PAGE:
Microsoft is busy preparing Windows 8.1 as part of its companywide Blue initiative. And the software titan has on various occasions, expressed its desire to see a greater Windows 8 adoption before it unleashes the first ever upgrade to its flagship operating system.
The higher the market share of Windows 8, the better Windows 8.1 will be poised for success.
But while Redmond’s latest operating system currently has a worldwide market share slightly upwards of 5 percent, XP is still powering more than 37 percent of the computers worldwide.
And as far as analysts are concerned, most believe that it is highly unlikely that Windows 8 will have the same market penetration as Windows 7 or even Windows XP for a number of reasons.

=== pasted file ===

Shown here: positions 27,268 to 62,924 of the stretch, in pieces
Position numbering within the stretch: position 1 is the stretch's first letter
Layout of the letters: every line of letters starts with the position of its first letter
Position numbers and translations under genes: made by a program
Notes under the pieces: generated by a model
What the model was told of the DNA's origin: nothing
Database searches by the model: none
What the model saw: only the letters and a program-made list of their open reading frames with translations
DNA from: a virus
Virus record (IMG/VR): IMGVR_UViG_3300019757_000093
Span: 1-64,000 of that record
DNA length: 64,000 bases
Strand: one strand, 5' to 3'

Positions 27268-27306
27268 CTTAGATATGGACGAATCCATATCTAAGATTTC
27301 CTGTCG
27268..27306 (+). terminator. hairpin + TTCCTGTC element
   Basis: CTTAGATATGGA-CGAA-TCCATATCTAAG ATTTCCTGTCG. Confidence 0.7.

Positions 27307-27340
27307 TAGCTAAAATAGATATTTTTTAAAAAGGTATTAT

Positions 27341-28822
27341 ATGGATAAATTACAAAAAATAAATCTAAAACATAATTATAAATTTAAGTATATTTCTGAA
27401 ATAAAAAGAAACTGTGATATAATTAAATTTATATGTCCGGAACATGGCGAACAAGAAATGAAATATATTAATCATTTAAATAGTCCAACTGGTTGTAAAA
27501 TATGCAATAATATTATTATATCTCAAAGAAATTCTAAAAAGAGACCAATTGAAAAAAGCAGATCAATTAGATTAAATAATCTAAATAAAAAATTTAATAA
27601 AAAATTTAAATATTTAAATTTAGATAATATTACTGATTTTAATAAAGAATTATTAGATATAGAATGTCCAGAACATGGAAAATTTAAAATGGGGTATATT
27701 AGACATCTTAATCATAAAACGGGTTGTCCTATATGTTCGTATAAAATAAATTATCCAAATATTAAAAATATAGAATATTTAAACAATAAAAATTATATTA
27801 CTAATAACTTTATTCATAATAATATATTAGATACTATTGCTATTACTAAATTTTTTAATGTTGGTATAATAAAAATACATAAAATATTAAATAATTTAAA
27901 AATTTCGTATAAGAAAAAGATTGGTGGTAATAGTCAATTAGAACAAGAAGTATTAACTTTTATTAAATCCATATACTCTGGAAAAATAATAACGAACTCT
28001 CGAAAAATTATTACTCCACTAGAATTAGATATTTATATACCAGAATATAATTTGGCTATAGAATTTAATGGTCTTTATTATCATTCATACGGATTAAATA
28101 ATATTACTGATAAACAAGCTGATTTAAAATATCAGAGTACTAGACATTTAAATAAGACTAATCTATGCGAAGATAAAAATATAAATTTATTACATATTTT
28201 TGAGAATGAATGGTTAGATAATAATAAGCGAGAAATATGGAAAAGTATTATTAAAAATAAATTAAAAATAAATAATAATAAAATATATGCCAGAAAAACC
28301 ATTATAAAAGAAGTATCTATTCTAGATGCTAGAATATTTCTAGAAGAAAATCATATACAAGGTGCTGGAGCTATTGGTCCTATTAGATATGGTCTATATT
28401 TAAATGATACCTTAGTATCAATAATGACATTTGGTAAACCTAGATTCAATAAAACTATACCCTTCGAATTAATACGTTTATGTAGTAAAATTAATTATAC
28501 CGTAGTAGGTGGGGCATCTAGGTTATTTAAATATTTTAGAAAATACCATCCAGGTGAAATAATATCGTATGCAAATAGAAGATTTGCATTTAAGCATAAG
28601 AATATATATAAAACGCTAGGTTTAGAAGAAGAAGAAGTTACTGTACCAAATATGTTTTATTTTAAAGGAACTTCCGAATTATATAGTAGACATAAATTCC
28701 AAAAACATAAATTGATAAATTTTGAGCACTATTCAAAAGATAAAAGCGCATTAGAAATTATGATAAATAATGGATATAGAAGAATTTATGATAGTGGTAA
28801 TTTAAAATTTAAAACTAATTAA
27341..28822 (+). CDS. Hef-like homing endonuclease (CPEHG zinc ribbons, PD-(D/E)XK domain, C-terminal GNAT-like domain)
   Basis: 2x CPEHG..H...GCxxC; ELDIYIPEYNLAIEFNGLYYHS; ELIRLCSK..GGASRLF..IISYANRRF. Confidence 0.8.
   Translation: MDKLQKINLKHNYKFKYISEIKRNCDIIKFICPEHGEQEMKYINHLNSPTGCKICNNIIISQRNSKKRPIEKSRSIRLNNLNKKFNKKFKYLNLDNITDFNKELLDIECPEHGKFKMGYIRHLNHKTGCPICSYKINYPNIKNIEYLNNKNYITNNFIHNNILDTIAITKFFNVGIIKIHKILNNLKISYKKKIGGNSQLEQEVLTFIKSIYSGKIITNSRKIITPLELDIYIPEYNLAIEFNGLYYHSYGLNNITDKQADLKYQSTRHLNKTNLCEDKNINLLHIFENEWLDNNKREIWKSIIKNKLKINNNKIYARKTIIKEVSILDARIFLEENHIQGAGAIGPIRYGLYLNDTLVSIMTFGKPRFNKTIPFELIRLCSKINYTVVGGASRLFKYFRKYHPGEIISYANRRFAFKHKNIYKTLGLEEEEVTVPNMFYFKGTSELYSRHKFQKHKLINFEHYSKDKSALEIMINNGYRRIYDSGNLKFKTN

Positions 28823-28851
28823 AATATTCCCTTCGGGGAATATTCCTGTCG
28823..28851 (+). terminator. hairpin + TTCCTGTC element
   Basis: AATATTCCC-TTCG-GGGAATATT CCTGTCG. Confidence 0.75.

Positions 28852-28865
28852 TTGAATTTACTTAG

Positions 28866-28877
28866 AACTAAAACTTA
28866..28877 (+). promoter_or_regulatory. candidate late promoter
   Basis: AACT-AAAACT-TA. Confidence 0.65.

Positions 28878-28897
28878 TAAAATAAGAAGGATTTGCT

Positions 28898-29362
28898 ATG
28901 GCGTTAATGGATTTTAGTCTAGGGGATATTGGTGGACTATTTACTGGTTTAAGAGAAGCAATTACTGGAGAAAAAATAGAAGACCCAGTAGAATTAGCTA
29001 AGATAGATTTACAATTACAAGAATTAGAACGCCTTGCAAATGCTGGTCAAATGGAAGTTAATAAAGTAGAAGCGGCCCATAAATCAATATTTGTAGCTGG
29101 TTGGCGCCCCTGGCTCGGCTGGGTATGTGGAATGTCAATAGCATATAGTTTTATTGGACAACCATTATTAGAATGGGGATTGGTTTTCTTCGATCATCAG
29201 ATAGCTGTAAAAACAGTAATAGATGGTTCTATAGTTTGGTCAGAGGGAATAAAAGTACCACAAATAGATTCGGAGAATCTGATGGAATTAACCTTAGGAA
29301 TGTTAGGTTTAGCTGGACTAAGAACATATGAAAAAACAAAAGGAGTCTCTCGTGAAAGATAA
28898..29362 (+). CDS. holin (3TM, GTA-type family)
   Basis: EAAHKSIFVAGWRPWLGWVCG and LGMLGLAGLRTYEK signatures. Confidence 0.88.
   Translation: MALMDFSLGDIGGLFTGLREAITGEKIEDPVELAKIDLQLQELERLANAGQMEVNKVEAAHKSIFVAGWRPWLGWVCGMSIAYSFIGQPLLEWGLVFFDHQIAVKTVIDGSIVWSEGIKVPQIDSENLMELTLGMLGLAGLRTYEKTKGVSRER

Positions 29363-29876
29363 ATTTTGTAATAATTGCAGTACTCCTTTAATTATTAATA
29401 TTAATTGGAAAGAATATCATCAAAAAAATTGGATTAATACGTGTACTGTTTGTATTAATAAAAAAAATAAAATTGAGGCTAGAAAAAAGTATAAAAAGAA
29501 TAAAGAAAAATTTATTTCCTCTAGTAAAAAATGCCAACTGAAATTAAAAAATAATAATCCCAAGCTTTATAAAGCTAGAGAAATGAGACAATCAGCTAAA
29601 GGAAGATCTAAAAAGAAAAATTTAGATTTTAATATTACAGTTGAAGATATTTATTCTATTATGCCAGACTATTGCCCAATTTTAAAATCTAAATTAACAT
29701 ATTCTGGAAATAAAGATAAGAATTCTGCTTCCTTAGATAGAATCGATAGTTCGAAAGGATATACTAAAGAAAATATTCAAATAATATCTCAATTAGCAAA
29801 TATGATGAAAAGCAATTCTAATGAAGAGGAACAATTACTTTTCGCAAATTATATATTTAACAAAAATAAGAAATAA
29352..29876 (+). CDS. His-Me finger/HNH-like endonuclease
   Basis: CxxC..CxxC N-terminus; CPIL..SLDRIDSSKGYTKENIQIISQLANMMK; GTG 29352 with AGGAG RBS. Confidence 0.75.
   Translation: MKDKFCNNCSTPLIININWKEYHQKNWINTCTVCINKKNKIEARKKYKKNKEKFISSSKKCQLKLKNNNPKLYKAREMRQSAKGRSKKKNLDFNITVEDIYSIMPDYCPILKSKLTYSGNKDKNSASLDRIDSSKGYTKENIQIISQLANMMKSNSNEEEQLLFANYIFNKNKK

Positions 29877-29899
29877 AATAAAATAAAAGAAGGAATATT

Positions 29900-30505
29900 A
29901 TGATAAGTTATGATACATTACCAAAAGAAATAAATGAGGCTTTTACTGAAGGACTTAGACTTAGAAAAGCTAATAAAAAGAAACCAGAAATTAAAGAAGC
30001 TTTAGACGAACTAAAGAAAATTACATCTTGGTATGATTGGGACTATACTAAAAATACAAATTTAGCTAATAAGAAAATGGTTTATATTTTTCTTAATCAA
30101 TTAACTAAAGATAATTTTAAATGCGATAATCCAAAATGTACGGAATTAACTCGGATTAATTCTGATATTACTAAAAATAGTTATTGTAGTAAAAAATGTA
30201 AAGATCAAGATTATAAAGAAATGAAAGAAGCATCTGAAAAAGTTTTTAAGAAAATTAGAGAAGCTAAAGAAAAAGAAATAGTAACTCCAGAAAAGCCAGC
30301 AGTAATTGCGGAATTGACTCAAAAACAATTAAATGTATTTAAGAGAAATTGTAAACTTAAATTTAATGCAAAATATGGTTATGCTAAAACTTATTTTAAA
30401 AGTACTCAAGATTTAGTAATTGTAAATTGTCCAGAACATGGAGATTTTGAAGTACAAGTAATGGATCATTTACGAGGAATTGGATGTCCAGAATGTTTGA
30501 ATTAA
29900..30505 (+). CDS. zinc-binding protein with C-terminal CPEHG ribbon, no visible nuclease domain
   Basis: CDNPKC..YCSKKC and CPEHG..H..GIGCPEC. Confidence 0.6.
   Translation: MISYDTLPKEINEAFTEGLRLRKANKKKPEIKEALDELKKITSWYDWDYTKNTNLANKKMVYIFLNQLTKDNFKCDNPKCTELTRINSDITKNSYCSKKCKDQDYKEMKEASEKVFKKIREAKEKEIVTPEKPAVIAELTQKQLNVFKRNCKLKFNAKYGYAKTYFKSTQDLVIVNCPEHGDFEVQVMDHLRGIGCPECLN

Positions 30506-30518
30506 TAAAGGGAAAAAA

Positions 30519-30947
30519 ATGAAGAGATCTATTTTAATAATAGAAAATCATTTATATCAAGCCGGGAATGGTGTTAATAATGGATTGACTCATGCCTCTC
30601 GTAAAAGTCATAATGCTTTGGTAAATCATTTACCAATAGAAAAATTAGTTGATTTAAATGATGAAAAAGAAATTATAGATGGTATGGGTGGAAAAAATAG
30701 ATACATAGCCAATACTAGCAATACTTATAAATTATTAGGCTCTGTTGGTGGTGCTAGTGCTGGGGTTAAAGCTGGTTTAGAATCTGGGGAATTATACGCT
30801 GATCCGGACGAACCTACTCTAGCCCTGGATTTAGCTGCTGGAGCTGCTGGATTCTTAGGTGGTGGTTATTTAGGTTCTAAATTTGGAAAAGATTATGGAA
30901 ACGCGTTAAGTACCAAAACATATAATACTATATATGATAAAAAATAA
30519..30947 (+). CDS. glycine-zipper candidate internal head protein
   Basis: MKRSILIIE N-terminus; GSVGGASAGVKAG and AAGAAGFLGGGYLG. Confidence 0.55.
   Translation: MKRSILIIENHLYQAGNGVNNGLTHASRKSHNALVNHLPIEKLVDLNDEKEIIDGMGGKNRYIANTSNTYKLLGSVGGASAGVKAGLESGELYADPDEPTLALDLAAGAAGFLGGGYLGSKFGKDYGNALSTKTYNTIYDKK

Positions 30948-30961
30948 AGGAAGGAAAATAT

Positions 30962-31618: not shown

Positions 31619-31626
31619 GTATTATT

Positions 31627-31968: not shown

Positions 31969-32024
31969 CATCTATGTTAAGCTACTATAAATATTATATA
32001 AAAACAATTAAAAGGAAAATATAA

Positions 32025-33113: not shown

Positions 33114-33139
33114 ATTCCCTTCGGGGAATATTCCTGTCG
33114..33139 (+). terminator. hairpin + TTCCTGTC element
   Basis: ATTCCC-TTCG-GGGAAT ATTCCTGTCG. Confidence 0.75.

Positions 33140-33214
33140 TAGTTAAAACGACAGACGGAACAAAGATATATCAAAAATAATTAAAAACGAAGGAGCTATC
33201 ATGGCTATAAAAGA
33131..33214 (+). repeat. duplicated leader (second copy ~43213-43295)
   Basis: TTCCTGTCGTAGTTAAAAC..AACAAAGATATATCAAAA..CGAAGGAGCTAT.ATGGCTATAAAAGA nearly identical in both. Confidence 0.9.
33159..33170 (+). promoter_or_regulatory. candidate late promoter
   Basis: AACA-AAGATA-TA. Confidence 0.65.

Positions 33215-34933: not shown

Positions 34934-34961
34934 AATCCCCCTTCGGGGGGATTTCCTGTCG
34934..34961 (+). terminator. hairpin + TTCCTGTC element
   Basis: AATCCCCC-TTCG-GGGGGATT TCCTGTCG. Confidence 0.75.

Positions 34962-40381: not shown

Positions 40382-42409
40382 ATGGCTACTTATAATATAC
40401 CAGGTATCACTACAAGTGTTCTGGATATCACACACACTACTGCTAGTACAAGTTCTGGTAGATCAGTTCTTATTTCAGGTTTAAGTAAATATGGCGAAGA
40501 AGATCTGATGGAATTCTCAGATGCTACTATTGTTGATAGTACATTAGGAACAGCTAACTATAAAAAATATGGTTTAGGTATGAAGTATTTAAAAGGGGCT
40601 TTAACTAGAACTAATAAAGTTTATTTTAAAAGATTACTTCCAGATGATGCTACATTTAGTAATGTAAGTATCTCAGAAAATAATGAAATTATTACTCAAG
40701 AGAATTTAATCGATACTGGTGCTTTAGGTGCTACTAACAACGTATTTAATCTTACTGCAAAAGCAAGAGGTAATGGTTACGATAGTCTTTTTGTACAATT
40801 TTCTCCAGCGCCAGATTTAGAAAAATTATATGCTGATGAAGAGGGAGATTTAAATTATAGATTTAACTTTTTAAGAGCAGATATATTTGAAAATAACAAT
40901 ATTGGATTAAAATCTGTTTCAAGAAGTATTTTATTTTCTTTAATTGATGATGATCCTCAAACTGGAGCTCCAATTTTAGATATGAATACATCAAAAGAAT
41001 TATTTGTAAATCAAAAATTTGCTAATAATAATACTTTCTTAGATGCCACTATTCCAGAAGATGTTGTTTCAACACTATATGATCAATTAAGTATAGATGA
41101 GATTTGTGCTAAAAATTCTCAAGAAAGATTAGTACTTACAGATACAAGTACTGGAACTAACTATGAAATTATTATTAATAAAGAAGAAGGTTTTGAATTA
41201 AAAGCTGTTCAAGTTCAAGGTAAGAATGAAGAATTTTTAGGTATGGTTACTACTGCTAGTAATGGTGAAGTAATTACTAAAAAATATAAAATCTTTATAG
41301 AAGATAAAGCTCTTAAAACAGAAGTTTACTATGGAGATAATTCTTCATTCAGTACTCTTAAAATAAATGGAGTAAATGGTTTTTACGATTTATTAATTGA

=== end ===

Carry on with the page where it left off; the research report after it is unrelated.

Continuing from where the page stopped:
Talking to CIO Today, Brad Shimmin, a principal analyst at Current Analysis said:
“Windows is still the standard, but it doesn’t look like Windows 8 is going to have the same penetration as Windows XP and Windows 7 had.
It’s still very much a Microsoft world in the enterprise, it’s just an older Microsoft world. I think it proves pretty difficult for Microsoft to modernize its enterprise constituency for two reasons.”
Signs of a changing world, then, it seems.
There are in fact, various reasons, both internal and external, that lend credence to this theory. While the Metro platform as a whole may survive and thrive, Windows version 8 may have a bit of a tough time gathering up the numbers that previous versions of Windows attained.
First and foremost is the assault of various makes of tablets. Secondly the sustained threat of old versions of the operating system (Windows 7, Vista and XP combined). Third and final is the development of Windows 9, which itself is gathering pace.